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Kyrgyzstan: Prominent Imam Killed In Security Raid

  • Gulnoza Saidazimova --> Imam Rafiq Qori Kamoluddin was strident in his criticism of Hizb ut-Tahrir, but officials claim he was a member of the IMU (RFE/RL) PRAGUE, August 7, 2006 (RFE/RL) -- A prominent religious leader known for allowing Islamic radicals to pray alongside other worshippers at his mosque in southern Kyrgyzstan has been killed in a security raid.

Muhammadrafiq Kamalov -- also known as Rafiq Qori Kamoluddin -- had defended his practice of allowing suspected members of the banned Hizb ut-Tahrir to worship at his mosque the town of Kara-Suu. Muslims should pray for the "misguided" rather than turn them away, he said.

But authorities are describing Kamoluddin in death as a member of an Islamist terror group.

Official Version Of Events

A National Security Service official said today that the imam of Kara-Suu's Al-Sarahsiy Mosque was killed late on August 6 on the outskirts of the nearby city of Osh.

Speaking to RFE/RL's Kyrgyz Service in Bishkek today, Nurbek Tokbaev said the counterterrorism raid was conducted in cooperation with security services from neighboring Uzbekistan.

Tokbaev described Kamoluddin as a "terrorist" and a member of the Islamic Movement of Uzbekistan (IMU), which has been blamed for a number of violent attacks on government targets. He said two other alleged IMU members were also killed in a firefight with authorities.

"Around 10:30 p.m. on August 6, 2006, identified members of the Islamic Movement of Uzbekistan were squeezed out of a densely populated district of Osh in order to avoid casualties among peaceful civilians," Tokbaev said. "After that, officers of the Kyrgyz National Security Service attempted to stop the terrorists' white car, a Daewoo Nexia. However, the persons in the car did not follow [law-enforcement] demands and opened fire with automatic weapons. As a result of return fire, armed terrorists were destroyed by the National Security Service."

Tokbaev said the operation was based on "reliable" intelligence on the presence in Osh of three people from "the IMU militant group."

He did not elaborate on the other two men's identities beyond saying that they were Tajik citizens. But he said all three of the dead men were involved in a May border incident in southern Kyrgyzstan that claimed several lives in Kyrgyzstan and Tajikistan.

Tokbaev alleged that the "group of militants" was preparing to carry out a series of terrorist attacks in Kyrgyzstan. He inventoried items that officials claim Kamoluddin and the others had in their vehicle.

"When they searched their car, [security forces] found one AK-SU Kalashnikov automatic rifle, three full magazines, 266 cartridges, four RGD-5 hand grenades, one F-1 grenade, one RPK automatic rifle magazine, a road map of Uzbekistan where a number of locations were marked with the word 'jihad,' one pair of army binoculars, extremist religious literature in the Kyrgyz and Uzbek languages, and fake passports," Tokbaev said.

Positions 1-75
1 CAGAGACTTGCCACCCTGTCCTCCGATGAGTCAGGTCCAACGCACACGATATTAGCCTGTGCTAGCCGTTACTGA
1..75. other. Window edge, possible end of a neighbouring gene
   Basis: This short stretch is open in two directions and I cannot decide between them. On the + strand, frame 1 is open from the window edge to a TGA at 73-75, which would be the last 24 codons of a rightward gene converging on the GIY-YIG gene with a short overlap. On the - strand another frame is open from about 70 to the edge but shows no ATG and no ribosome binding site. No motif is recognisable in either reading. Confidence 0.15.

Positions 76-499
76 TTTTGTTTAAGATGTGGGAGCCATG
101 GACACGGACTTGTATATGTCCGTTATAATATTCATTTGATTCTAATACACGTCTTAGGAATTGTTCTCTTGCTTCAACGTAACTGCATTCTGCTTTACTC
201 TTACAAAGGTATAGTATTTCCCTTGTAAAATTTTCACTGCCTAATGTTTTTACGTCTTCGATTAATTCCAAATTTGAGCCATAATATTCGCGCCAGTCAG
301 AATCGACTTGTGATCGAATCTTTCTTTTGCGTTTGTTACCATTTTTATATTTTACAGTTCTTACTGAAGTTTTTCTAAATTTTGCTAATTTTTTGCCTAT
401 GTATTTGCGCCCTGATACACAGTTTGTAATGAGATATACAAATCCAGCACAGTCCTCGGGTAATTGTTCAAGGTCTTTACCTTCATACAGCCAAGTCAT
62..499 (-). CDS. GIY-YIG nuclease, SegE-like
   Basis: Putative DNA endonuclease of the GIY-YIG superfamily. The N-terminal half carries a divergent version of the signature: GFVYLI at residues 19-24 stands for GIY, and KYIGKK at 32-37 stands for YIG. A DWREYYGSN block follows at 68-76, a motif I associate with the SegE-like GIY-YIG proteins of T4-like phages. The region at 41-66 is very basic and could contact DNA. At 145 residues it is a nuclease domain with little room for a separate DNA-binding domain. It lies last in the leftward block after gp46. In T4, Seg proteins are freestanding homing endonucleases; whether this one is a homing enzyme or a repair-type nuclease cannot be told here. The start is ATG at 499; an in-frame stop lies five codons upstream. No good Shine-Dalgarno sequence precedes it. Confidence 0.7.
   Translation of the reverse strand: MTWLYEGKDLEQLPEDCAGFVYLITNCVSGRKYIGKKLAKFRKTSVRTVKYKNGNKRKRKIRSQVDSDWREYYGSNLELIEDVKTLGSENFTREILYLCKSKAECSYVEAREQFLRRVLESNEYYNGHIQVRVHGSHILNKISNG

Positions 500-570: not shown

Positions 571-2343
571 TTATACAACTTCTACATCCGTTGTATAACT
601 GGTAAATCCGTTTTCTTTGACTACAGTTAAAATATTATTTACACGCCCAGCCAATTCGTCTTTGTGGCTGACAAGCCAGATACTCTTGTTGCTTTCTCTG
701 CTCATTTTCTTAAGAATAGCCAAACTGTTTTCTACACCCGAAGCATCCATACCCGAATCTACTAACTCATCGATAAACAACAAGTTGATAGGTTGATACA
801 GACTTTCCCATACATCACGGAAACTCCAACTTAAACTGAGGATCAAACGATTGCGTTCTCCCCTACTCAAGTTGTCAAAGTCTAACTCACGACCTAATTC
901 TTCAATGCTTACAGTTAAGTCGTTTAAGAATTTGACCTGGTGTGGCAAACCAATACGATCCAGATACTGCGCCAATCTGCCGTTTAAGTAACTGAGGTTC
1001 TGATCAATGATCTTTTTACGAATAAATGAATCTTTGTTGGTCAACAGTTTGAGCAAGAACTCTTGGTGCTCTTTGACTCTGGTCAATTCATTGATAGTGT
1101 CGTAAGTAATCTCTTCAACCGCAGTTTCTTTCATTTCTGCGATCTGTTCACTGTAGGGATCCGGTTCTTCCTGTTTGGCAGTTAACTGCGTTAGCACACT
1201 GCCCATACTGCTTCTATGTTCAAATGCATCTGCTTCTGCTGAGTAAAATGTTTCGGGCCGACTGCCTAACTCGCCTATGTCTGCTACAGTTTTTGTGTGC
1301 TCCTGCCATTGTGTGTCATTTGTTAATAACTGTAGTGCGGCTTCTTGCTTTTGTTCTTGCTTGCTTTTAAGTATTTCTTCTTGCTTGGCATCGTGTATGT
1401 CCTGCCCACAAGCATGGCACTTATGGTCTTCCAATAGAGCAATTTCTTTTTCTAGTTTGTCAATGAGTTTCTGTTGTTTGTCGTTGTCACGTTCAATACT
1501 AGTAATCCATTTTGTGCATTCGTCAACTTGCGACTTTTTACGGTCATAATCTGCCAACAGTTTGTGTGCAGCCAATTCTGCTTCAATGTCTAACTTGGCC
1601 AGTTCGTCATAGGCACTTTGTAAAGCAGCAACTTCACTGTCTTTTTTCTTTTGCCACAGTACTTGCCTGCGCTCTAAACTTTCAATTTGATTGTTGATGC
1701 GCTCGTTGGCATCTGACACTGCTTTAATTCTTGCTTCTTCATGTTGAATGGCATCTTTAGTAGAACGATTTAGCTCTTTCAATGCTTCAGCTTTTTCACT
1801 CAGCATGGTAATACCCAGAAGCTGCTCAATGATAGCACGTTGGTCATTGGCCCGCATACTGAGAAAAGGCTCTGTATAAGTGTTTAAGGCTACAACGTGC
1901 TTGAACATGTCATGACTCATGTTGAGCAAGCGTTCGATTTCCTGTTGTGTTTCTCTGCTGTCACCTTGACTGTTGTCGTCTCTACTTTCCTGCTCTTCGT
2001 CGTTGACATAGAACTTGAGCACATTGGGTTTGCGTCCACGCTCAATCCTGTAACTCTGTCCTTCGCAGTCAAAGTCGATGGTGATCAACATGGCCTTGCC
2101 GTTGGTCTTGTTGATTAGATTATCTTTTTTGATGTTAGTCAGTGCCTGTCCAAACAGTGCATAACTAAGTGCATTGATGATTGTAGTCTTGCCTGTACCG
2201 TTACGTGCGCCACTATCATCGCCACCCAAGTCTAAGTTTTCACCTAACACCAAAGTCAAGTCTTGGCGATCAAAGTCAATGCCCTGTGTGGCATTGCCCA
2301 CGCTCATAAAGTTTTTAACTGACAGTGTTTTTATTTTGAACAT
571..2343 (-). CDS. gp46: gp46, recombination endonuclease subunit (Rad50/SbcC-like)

Popular Imam

Kamoluddin headed a mosque where up to 10,000 people gathered for Friday prayers. He was prominent not only in southern Kyrgyzstan, but also in neighboring countries.

His popularity was based in part on his stance over the banned Hizb ut-Tahrir group. Kamoluddin allowed members of Hizb ut-Tahrir to pray in his mosque. Yet he was also highly critical of the group, which seeks to establish Islamic rule through a caliphate.

In an exclusive interview with RFE/RL in May, Kamoluddin made his stance clear.

"Firstly, I am not a member of Hizb ut-Tahrir. I don't read their literature, and don't want to [read it]," Kamoluddin said. "There have been offers made to my family -- to my sons and daughters -- from Hizb ut-Tahrir, but I strictly forbid them [from joining]. But I also do not support the view that Hizb ut-Tahrir are terrorists, enemies of the government, or enemies of the people. And to those who say they aren't Muslims -- they are Muslims. They are a particular group, but they want Islam and they serve Islam."

Members of Hizb ut-Tahrir frequently came to his mosque from neighboring countries -- including Uzbekistan, which has jailed the highest number of suspected Hizb ut-Tahrir members.

Official Distrust

Authorities in Kyrgyzstan, where Hizb ut-Tahrir is outlawed, had questioned Kamoluddin several times in the past.

On May 24, Kamoluddin was reportedly detained and questioned by National Security Service forces. He said the officers told him they had evidence of his links to militants behind a deadly cross-incursion into Kyrgyzstan in May. Kamoluddin denied any links to the incident.

Security sources reportedly told him that a book by Kamoluddin, with his telephone number on the cover, had been found in the possession of militants. Kamoluddin had expressed surprise to a regional news agency,, at being implicated in wrongdoing solely on the basis of a phone number scrawled on a book. He was released after questioning on May 25.

Abdulla Yusupov is with a nongovernmental group called the Committee to Protect Revolution. He told RFE/RL's Kyrgyz Service in Jalal-Abad that he thought the imam's death must have been a tragic mistake.

"I believe his killing was a mistake by the [National Security Service] officers," Yusupov said. "We knew this person very well. He was the main imam of the Kara-Suu mosque. In his mosque, I never noticed anything terrorist -- that went against the government or the people."

An RFE/RL correspondent in Kara-Suu who saw Kamoluddin's body today confirmed that there were at least four bullet wounds. He said the family planned a burial service for Kamoluddin this evening, in keeping with Islamic practice.

He also said there were already hundreds of mourners gathering at Kamoluddin's home to pay their final respects.
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